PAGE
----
25 NOVEMBER 2022
Welcome to this week’s edition of Culture Wire, a newsletter brought to you by Singapore-based pop culture and lifestyle marketing agency Culture Group.
⚽ The FIFA World Cup launched this week. There’s a lot to talk about, and it doesn’t all relate to the actual football – from the absence of beer and equality, to accusations of bribery and implications of match fixing. Keep reading for some standout brand campaigns, and check back in weekly for the most important pop culture highlights in future newsletters!
In this week’s edition:
- Innovation of the Week: The best Scorsese film you haven’t seen…
- Fax, No Printer: Japan’s World Cup team, powered by anime
- Regional Round-up: Rude wait staff, inflatable experiences for kids of all ages, Singles’ Day stats, and more!
Innovation of the Week
🎬 SCORSESE’S LOST FILM…
“There are no happy endings for people like us,” says Goncharov, played by Robert De Niro in Scorsese’s 1973 sleeper hit, Goncharov. “We just get to keep going.”
At least, that’s what he would say, if he were an actual character in a real film. That quote was made up by Tumblr users as part of their endeavor to create a fandom around a film that doesn’t exist. The story of this fake film starts with a photo of a pair of boots emblazoned with a strange tag: ‘The greatest mafia movie ever made. Martin Scorsese presents GONCHAROV’. That post became the creative launch-pad for Tumblr users’ fanart, movie discourse, and a whole fan community. A 25-year-old music student from Indiana composed a theme song, a 20-year-old Czech print maker developed a poster, and fans from around the world made videos, articles, and literary analysis, all centered around a nonexistent movie.
💡 Our take
We’ve seen this fervor within fan-built communities before. There was Ratatousical, a musical developed on TikTok by theater kids during lockdowns. And now, Goncharov. Crowdsourced content clearly isn’t just the result of pandemic boredom! Closer to home in Asia, fan-led movements have powered huge BTS donation drives and fan cafés. But what links all these pop culture moments together? They’re all the product of a community coming together around a shared passion – with no input or official approval. In Goncharov’s case, the IP doesn’t even have to exist!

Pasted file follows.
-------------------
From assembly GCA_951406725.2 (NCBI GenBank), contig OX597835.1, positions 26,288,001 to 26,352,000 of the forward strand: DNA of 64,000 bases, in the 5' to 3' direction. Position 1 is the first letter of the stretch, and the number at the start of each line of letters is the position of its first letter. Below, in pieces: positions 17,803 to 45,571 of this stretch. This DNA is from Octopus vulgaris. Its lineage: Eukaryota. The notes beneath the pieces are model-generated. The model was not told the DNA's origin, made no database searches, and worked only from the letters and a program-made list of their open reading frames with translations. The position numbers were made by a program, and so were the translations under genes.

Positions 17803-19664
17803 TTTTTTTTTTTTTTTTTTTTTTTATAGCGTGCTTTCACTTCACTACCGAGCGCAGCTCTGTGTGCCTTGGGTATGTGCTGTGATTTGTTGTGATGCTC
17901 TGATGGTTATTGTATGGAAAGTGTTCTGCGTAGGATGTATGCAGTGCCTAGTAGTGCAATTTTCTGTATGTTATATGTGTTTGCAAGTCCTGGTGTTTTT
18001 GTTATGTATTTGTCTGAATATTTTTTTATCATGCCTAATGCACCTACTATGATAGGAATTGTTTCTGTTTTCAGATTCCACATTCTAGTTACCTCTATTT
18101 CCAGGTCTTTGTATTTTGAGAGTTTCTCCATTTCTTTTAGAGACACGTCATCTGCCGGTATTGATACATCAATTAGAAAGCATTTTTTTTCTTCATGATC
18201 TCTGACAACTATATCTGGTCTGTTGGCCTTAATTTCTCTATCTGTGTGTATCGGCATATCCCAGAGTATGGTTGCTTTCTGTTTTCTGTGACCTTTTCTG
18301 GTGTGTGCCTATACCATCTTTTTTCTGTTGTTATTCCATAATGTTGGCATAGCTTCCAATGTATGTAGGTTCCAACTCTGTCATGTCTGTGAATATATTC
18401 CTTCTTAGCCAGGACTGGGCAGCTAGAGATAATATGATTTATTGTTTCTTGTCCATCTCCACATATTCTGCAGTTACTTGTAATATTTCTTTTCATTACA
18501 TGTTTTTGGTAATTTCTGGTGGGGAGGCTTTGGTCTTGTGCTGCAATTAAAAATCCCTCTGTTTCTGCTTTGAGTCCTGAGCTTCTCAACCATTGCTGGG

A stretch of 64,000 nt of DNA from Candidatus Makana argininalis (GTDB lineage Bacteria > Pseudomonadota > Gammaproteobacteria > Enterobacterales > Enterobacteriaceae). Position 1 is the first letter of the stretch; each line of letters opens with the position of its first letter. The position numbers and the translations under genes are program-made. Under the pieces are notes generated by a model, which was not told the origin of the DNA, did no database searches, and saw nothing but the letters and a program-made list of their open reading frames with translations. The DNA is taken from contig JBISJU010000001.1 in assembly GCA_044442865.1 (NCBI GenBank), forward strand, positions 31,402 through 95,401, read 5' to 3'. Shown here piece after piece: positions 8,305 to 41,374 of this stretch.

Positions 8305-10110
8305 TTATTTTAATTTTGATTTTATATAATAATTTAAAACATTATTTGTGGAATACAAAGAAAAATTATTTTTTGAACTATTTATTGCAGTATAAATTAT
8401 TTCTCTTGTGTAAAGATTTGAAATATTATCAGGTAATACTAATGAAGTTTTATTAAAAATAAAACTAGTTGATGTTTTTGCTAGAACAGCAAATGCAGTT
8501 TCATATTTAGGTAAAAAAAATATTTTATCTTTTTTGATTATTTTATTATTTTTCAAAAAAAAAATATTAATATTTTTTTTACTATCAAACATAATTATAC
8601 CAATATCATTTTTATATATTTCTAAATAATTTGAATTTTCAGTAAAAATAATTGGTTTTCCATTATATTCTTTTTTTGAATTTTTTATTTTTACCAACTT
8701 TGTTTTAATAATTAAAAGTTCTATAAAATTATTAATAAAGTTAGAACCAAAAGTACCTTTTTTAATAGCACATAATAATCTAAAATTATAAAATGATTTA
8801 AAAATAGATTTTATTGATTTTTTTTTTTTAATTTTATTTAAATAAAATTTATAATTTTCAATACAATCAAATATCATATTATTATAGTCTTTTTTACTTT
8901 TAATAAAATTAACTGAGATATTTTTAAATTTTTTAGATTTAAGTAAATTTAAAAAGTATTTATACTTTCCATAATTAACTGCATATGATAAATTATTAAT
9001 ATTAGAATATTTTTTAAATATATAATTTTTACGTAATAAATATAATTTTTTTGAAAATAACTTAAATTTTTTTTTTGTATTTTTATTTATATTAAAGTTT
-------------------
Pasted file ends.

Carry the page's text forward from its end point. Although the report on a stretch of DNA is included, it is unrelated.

This is also happening on Wattpad, where fans regularly create entire communities around works written by teens just like them. These communities are loud and supportive enough to propel their creators to stardom. Singaporean Wattpad author Claudia Tan’s series Perfect Addiction is slated to become a film series; see also Filipina Tina Lata’s show The Four Bad Boys And Me, and Indonesian OTT platform Vidio’s slate of shows based on Wattpad stories. And while this passionate fandom might partly be the product of franchise fatigue (we’re looking at you, Marvel 🦸), the pace, depth and creativity of fan creativity shows that these stories are resonating on a deeper level with Gen Z than Spider-Man ever could.
These communities seem – and usually are – totally unexpected, springing up from IP that fans have invented themselves. Brands can play a role, by cultivating and encouraging young fans’ passion and helping young people feel seen and understood. Just remember to remain authentic to the original vision and leave the fans in charge! By putting brand power behind these fan moments, you will legitimize IPs and become the go-to place for creators (and their fans!) to feel empowered, championed, and understood in Southeast Asia’s thriving creative landscape.